Dusty is an avid classic movie fan who wants to share movie stories and evoke conversation about them.
2 hr. 37 mins. Drama, Romance 1957 7.2 stars
Director: Mark Robinson
Cast: Lana Turner - Constance MacKenzie
Lee Phillips - Michael Rossi
Lloyd Nolan - Doc Swain
Arthur Kennedy - Lucas Cross
Russ Tamblyn - Norman Page
Terry Moore - Betty Anderson
Hope Lange - Selena Cross
Diane Varsi - Allison MacKenzie
David Nelson - Ted Carter
Barry Coe - Rodney Harrington
Betty Field - Nellie Cross
Mildred Dunnock - Miss Elsie Thornton
Leon Ames - Leslie Harrington
Lorne Green - Prosecutor
Peg Hillias - Marion Partridge
Note: Spoiler alert. This review reveals the outcome of the movie
The Tar-Paper Shack of the Cross Family
The movie opens with a car travelling the New England countryside. Its driver, Michael Rossi, is heading to a job interview in a town called Peyton Place. While waiting at a railroad crossing for a train to pass he witnesses a domestic disturbance at a tar-paper shack off to the side. This is the house of the Cross family. Lucas Cross, the man of the house, is a drunkard and the family is disgusted with him. This is just the first glimpse we see of them.
Michael proceeds into town and interviews for the job of high school principal. He gets the job much to the chagrin of the senior class who wanted the position to go to their beloved retiring teacher, Miss Thornton. They seem to warm up to Michael, however as he quickly gets involved in the kids’ lives and in the life of the town.
Much of the story involves the lives of several of the town’s families and the intricate way in which these families’ kids are interwoven with each other. The town’s unique culture is perhaps the main theme of the movie.
We meet Connie MacKenzie a widow who runs a successful dress shop and her daughter, Allison. Allison keeps company with Norman Page, a shy reserved mamma’s boy. There’s Betty Anderson, the flashy girl who is dating Rodney Harrington the life of the party type who is the son of the richest man in town, Leslie Harrington. And there is Doc Swain who is everybody’s doctor and confidant. He has treated everyone in town and knows them better than they know themselves (or so it seems?).
Allison begs her mother to allow Rodney and Betty to come to her birthday party because they are the popular kids and if they don’t come no one will. Connie reluctantly agrees and makes herself scarce on the night of the party. While out Connie runs into Michael who tries to meet her and get to know her, but she keeps him, and anything that might seem as being too friendly, at a distance. She returns to her house, but things are going just as she feared. She enters her house only to discover the lights off and the teenagers at the party necking. Instantly alarmed she throws everyone out and chastises Allison for allowing such behavior. Thus ensues the first of several mother-daughter conflicts in that home.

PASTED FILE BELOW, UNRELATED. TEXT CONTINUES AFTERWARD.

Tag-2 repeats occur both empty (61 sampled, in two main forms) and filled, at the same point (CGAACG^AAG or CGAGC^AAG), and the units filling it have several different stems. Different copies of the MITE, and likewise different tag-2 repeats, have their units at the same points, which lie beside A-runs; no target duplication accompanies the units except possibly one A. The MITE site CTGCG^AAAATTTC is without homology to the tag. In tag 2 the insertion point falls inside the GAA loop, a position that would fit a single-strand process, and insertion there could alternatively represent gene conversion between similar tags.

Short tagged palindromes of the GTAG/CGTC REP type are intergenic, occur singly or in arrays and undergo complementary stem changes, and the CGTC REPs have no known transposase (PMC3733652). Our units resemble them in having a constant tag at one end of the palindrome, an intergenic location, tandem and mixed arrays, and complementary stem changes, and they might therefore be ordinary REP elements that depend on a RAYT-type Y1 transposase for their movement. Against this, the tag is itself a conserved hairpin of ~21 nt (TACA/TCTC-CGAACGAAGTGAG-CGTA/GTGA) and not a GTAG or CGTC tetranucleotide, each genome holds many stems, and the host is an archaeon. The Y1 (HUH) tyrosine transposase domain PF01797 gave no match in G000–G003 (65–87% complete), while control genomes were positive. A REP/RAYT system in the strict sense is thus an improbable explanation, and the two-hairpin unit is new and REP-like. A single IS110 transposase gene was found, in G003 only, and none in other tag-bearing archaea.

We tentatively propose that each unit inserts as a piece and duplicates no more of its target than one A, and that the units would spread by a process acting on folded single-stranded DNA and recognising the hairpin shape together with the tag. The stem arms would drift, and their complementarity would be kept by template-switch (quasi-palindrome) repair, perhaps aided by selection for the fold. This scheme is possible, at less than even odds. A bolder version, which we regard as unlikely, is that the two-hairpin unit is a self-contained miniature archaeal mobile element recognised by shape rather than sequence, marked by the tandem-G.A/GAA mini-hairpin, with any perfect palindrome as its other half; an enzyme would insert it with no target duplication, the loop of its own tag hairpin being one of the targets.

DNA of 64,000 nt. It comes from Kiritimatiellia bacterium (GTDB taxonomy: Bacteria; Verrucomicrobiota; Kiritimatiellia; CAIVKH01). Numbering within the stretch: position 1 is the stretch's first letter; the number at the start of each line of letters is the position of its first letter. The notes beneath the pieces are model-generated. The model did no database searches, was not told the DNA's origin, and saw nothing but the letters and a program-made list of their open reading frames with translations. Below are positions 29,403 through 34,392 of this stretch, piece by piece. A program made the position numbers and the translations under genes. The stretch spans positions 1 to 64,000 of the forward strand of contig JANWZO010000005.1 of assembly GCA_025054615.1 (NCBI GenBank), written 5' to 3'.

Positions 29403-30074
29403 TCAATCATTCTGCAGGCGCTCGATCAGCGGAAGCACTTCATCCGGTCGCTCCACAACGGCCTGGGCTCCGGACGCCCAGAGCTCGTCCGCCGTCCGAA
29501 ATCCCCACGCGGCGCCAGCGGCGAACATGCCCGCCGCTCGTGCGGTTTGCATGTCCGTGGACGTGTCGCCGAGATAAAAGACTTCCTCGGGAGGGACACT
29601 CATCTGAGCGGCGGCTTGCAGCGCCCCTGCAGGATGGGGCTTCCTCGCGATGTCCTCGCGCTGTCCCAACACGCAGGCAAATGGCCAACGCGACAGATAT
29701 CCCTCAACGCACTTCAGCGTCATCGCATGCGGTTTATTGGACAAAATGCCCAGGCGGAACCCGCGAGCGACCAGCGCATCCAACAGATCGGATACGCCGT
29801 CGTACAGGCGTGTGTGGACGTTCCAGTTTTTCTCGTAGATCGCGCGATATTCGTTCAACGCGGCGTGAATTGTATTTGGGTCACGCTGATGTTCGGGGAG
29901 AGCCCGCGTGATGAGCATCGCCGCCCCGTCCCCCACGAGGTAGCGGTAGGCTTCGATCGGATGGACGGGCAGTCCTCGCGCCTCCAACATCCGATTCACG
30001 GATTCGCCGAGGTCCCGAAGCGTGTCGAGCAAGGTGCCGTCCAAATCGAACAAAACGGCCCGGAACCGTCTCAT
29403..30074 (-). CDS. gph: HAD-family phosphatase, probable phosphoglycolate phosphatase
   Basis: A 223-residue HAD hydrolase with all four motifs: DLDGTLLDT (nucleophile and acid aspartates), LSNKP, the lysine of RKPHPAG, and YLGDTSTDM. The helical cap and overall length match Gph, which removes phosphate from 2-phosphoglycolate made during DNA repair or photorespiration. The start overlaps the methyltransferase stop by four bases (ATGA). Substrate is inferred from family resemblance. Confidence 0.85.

On another day at the Cross shack Lucas watches Selena get dressed. He acts sexually aggressively towards her, but Allison comes into the house to take Selena to church averting a potential problem.
On yet another day Allison takes Norman to a beautiful vista overlooking the ocean and town’s waterfront. They are developing a friendship, perhaps a romance. While at the same time Michael comes by to visit Connie who has sworn off romance all together, but Michael seeks to change that.
At about that time Leslie Harrington tells his son, Rodney, to drop Betty as a girlfriend because he is destined for a higher class of people. Reluctantly Rodney calls Betty and disinvites her to the upcoming prom. Instead, Rodney takes Allison, but both feel awkward. Selena is there with her boyfriend, Ted. Simultaneously Michael brings Connie to the dance to act as a chaperone. Most of the characters are there. Lucas Cross the school janitor is home drunk.
When Selena gets home Lucas attacks and rapes her. After an examination Doc Swain tells Selena that she is pregnant. When Selena breaks down and says she was raped by her step-father Doc Swain goes to the house and confronts Lucas. He produces a document for Lucas to sign then tells him to get out of town. Lucas complies, but not before he again tries to catch Selena at the house. This time she runs and stumbles perhaps harming the baby. Doc Swain performs what he calls an “assisted miscarriage” due to the fall and damage. It’s viewed basically as an abortion, but he reports it in the records as an appendectomy. He and Selena agree to keep it a secret.